Friday, July 20, 2012

New York: Space Shuttle Enterprise comes home

Text and photos by George Molé

The Space Shuttle Enterprise, finally at home on the deck of the Intrepid Sea, Air and Space Museum on the West Side of Manhattan, opened to the public yesterday.


A lovely event; a new jewel in New York's crown.


But I was on the Brooklyn shoreline last month--Sunday, June 4, to be exact--when scattered groups of New Yorkers watched as Enterprise, newly-arrived in the Big Apple, was transported by barge from John F. Kennedy Airport, through the Verrazano Narrows, to temporary digs in Bayonne, New Jersey.  (Enterprise was transferred to a crane-equipped barge in Bayonne, then delivered a few days later to the Intrepid.)


For me, that event had the melancholy feel of a funeral procession--reminiscent, perhaps, of when Americans lined the railroad tracks along the route as Lincoln's body was brought home to Illinois for burial.  In this case, though, the corpse was that of America's beloved, world-changing space program.


In a USA Today opinion piece published in May of last year, three astronauts who commanded Lunar missions lamented the demise of America's manned space program.  One of the writers was the reclusive Neil Armstrong, whose Apollo 11 spacecraft was the first to land on the moon, 43 years ago today, and who was the first human to walk on the moon.

"America's leadership in space is slipping," they wrote.  "NASA's human spaceflight program is in substantial disarray with no clear-cut mission in the offing.  We will have no rockets to carry humans to low-Earth orbit and beyond for an indeterminate number of years...After a half-century of remarkable progress, a coherent plan for maintaining America's leadership in space exploration is no longer apparent."

The astronauts quoted President Kennedy, who thought of space as "the new ocean," which the U.S. must be prepared to sail upon.  "For 50 years we explored the waters to become the leader in space exploration," they concluded sadly.  "Today...the voyage is over.  John F. Kennedy would have been sorely disappointed."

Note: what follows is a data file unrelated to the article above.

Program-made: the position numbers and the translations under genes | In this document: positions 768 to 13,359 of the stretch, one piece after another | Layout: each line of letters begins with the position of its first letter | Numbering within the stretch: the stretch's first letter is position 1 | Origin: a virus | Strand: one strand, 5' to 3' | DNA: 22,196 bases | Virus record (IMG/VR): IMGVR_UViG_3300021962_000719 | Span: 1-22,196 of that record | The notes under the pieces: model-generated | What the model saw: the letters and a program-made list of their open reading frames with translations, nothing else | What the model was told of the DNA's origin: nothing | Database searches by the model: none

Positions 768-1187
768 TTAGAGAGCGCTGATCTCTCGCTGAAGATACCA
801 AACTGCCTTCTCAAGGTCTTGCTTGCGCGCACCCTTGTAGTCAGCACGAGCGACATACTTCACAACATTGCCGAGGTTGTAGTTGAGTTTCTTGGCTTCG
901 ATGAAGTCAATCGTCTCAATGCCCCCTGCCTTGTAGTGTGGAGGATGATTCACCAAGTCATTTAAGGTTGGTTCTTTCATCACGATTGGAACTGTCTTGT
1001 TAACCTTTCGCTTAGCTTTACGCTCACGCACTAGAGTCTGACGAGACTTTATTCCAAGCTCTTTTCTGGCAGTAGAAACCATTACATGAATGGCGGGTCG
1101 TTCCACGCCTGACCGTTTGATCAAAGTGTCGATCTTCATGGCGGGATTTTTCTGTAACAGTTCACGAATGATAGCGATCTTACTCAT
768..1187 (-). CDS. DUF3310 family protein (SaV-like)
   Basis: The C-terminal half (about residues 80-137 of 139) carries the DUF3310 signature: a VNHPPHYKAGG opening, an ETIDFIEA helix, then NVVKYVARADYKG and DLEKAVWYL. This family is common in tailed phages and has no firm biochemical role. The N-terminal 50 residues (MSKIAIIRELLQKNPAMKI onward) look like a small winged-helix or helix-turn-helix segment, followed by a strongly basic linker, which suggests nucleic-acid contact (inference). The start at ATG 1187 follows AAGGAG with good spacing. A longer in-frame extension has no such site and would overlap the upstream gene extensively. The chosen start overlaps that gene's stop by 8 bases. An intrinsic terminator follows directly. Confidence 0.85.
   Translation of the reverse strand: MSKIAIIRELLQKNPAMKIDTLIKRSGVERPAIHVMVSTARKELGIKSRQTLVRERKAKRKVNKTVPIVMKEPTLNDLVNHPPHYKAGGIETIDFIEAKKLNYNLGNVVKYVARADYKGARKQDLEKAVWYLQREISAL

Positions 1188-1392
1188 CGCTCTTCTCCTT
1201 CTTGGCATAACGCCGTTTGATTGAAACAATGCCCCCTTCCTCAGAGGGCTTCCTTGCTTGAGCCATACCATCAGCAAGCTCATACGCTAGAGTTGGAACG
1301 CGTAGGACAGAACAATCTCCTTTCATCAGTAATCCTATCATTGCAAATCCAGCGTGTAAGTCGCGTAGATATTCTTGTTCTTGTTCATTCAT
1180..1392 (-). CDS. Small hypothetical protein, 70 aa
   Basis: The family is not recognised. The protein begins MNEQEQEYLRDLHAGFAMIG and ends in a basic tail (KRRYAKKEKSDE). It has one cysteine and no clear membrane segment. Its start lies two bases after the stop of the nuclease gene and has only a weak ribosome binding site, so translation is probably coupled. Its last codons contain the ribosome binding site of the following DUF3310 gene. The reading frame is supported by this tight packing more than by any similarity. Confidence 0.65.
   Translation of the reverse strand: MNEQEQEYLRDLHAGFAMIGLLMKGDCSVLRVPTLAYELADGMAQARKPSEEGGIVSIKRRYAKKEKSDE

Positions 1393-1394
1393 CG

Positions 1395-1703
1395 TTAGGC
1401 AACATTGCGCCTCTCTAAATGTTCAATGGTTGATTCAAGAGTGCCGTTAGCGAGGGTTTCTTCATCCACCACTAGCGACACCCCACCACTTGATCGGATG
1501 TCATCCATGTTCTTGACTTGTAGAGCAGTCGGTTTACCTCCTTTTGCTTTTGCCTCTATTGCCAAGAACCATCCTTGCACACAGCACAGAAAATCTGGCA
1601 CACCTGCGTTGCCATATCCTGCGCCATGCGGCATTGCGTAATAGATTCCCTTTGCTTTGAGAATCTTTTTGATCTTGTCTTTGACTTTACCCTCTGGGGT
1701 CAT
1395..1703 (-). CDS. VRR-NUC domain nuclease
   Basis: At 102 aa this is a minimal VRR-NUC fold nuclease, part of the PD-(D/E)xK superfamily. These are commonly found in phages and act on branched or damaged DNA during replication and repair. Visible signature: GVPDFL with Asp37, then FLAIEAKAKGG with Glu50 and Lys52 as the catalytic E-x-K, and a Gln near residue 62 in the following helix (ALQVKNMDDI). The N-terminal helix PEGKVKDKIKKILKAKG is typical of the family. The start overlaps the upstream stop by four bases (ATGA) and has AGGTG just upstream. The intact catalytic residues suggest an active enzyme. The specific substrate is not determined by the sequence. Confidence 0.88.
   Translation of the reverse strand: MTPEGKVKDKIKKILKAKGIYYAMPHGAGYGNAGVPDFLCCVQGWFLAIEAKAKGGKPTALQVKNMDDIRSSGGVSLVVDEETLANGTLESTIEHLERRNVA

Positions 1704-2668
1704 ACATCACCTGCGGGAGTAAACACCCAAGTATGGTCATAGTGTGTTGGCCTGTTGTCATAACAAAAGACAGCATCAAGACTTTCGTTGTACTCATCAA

So, looked at one way, Enterprise is only an evocative memorial to glories past.  Today's leaders dream of changing America's demographics through open borders, transforming the definition of marriage and ensuring free contraception for all.  With these noble goals before us, exploring the stars has no place on the to-do list.

But, who knows, maybe that strange-looking space plane, sitting on the deck of that old warrior ship, will nudge just one kid to look at the sky and imagine...


It doesn't always have to be like this; better times, wiser leaders and more American adventures in space lie ahead, let us hope.  Welcome, Enterprise!

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2 Comments:

At August 2, 2012 at 1:11 AM , Anonymous Barry Reitman said...

Good piece, George. I agree that both present and future generations will suffer from the starving of our collective intellectual curiosity.

And, going back to your last blog (about Coney Island), there's fresh news: Nathan's has changed ingredients in their French fries:
http://www.nydailynews.com/new-york/sow-nathan-famed-coney-island-fries-article-1.1125728

 
At September 12, 2012 at 6:49 AM , Anonymous Diosa said...

Enjoyed the article and the spectacular photos. Just wondering if Neil Armstrong, who uttered the famous quote in 1969 "That's one small step for (a) man, one giant leap for mankind," could ever fathom that our nation's leaders would shut the door on manned space exploration. After such progress, to see the space program scrapped reminds me of the quote "a mind is a terrible thing to waste." In this instance, the scientific minds of NASA's engineers are going to waste.

 

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